Construction of the Pemulwuy Project began on March 26 on the former site of ‘The Block’ in Redfern, the first free held land owned by the Aboriginal community.
Housing affordability is on voter’s minds coming into the federal election. A recent poll found that 68 per cent of voters supported government investment in social and affordable housing over negative gearing tax breaks for property investors.
On Wednesday, Labor leader Bill Shorten announced a 10-year $1.5 billion investment to reduce overcrowding in remote Indigenous communities if Labor wins the election. Indigenous Australians are six times more likely to live in overcrowded conditions, with overcrowding a leading cause of Indigenous homelessness.
The Pemulwuy Project and the debate it has highlighted around the need for affordable housing for Indigenous Australians is indicative of a larger trend. Only 29 per cent of Indigenous Australians own their own home, compared to 72 per cent of non-Indigenous Australians. New households in public housing are more likely to be Indigenous.
The 2016 census showed that 1 in 5 of Australia’s homeless population is Indigenous. Indigenous Australians can also suffer from ‘spiritual homelessness’ which describes dispossession and forced removal from homelands and family.
Tenancy decay is also an issue when it comes to Indigenous social housing. A recent RMIT report found that Indigenous households leave social housing at a rate 11 times higher than other households. The report reveals that 69 per cent of households leaving social housing were for negative reasons such as rent arrears or issues with neighbours, and recommends that “greater examination of the push and pull effects on tenancies for Aboriginal people that is attentive to colonising practices and intergenerational trauma would assist in better understanding why exit rates are so high and how this can be ameliorated”.
The Block’s place in Indigenous land rights history has angered some in the Indigenous community. The land, now being redeveloped, was given to the Aboriginal Housing Company by the Whitlam government in 1973.
In 2014 it became the site of the Redfern Tent Embassy, a protest of the development that called for a guarantee of affordable housing within it. Speaking to VICE at the time Wiradjuri woman and Indigenous activist Jenny Munro said “This place is another example of our dispossession. This time it is our own people doing the dispossessing”. Recently Munro told NITV News that the approval of the development was the “final nail in the coffin” and the “final blow in the process of social exclusion” for Redfern’s Indigenous community.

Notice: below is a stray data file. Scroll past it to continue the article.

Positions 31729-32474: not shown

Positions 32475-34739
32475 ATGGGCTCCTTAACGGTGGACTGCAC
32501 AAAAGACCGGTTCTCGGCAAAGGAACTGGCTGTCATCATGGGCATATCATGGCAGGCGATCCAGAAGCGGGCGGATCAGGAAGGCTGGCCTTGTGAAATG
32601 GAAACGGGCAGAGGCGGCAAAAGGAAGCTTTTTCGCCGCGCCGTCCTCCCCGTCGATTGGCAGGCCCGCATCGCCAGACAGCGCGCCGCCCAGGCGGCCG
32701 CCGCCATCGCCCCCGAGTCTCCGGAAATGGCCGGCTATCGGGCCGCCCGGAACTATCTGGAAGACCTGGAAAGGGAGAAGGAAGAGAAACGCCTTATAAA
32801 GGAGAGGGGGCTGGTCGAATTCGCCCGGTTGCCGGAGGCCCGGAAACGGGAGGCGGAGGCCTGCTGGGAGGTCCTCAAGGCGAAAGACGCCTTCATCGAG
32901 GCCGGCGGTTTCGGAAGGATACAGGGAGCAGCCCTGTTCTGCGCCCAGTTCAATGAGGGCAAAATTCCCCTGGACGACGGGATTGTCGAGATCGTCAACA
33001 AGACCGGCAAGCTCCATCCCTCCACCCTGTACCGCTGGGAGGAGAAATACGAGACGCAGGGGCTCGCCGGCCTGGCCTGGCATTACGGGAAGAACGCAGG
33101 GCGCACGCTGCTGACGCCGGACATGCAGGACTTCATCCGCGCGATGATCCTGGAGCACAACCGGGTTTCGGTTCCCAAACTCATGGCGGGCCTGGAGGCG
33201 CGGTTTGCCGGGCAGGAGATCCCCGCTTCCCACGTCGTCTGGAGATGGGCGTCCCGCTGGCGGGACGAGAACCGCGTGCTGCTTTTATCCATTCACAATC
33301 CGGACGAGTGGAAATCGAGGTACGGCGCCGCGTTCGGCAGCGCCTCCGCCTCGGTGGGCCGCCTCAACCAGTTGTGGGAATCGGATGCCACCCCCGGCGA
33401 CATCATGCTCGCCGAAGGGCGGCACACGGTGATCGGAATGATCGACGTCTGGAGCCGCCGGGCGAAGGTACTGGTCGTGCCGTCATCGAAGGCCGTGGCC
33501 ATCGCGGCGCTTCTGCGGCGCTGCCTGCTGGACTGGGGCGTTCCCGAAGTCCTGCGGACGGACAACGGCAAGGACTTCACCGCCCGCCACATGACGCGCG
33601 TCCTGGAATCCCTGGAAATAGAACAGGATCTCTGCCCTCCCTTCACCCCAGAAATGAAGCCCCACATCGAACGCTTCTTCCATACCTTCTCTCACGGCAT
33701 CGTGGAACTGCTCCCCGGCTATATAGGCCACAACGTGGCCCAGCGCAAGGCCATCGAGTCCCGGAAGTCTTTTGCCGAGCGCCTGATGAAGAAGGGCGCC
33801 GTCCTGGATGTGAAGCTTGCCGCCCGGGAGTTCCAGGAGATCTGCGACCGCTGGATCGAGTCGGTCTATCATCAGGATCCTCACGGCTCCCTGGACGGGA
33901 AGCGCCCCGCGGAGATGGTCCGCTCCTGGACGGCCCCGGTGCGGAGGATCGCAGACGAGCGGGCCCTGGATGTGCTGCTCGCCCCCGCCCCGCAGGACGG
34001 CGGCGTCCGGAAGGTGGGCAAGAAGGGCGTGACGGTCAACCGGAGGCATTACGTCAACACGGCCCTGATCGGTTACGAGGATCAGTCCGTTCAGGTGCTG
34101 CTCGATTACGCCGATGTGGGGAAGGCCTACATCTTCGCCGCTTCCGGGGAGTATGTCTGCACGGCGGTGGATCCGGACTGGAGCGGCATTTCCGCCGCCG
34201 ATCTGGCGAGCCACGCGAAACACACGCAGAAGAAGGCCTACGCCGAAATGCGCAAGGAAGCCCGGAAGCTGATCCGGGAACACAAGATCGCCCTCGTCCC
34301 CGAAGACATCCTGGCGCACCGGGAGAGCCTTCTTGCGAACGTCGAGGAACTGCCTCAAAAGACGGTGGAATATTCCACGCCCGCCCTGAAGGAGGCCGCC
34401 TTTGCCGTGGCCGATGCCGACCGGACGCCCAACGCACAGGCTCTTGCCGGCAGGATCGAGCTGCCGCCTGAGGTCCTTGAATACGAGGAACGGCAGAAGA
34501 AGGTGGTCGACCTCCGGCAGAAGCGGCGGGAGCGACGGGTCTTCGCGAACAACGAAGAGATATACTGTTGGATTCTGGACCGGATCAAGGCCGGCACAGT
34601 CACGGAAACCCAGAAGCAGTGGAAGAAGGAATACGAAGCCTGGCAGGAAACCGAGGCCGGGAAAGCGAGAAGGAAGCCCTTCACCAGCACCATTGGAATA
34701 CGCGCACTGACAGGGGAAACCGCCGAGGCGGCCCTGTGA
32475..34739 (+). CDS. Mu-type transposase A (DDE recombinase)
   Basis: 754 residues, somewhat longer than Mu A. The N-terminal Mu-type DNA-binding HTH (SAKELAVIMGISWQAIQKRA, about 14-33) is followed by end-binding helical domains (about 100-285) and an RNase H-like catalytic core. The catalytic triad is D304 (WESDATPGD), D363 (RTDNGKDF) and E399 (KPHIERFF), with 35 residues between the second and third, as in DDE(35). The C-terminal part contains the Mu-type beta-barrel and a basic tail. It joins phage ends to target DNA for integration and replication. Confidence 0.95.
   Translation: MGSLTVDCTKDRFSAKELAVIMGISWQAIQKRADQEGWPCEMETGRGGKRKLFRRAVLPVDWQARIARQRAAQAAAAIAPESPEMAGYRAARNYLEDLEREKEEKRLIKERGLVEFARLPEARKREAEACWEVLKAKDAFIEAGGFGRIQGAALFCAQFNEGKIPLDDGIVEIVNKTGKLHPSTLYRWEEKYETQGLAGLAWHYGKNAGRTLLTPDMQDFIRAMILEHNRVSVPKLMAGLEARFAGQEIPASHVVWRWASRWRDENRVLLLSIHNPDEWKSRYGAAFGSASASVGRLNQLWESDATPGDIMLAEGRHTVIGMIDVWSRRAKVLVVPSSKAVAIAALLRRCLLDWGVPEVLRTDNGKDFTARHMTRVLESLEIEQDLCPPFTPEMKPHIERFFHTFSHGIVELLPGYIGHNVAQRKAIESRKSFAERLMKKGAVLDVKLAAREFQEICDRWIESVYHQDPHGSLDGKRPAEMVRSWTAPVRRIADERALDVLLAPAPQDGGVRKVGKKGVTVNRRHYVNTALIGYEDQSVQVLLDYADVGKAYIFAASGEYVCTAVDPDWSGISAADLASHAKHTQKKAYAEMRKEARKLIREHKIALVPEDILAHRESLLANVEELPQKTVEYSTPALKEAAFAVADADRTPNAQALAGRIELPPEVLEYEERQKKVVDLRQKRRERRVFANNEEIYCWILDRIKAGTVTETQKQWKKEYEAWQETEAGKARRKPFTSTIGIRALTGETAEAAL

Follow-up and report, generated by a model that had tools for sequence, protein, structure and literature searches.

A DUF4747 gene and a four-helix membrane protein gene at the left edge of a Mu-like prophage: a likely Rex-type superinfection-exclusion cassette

The Pemulwuy Project includes retail space, a gym, art gallery and a 60-child capacity childcare centre. Asked how many childcare spots will be reserved for Indigenous children the Aboriginal Housing Company declined to comment.
The development will feature affordable housing for 62 Indigenous families and 110 Indigenous students. Precinct 3 of the development will house a 24-storey student accommodation tower, housing 600 students. Asked what the discounted rate for Indigenous students will be, the Aboriginal Housing Company declined to comment.
Like many inner-city suburbs gentrification is a major issue in Redfern. Geoff Turnbull, spokesperson for REDWatch and Redfern resident since 1980, said: “What was by and large an Aboriginal area now has a relatively small Aboriginal population.” Mr Turnbull stressed the need for affordable housing in the area “if you want a viable ongoing Aboriginal community”.
With rising rent prices in Redfern, the gap between Indigenous and non-Indigenous incomes isn’t closing fast enough. According to a 2018 University of Sydney report the median gross weekly household income for Indigenous families in NSW is $550 compared to non-Indigenous households $850.
Mr Turnbull said that without affordable housing in the area Redfern would become like Fitzroy in Melbourne which used to be the heart of the Aboriginal community there but now the only commemoration of Indigenous history in the area are plaques.
“Kids that grew up in the area and played for the Redfern All Blacks end up having to go out west because it’s the only place they can afford but they still associate themselves with Redfern,” he said.
Much of the controversy surrounding the Pemulwuy Project is borne out of The Block’s history. Mr Turnbull said it was “iconic” and “everybody has a view and a relationship to it in one form or another”. It has been described as the “black heart of Sydney” and a symbol of the Indigenous Land Right’s movement.
For some in the community the relationship is one of fear. Founding member of the Redfern Station Community Group and 39-year Redfern resident Lyn Turnbull remembers what The Block was like in the ‘90s: “People cheek to jowl with syringes hanging out of their arms.”
Mrs Turnbull said some in the community were concerned with how to stop what happened previously. “They fear that, they didn’t want the Aboriginal community back on The Block because they didn’t believe it would be a workable community.”
Construction on the Pemulwuy Project is expected to be completed by 2021, with the student accommodation expected to be opened in 2022.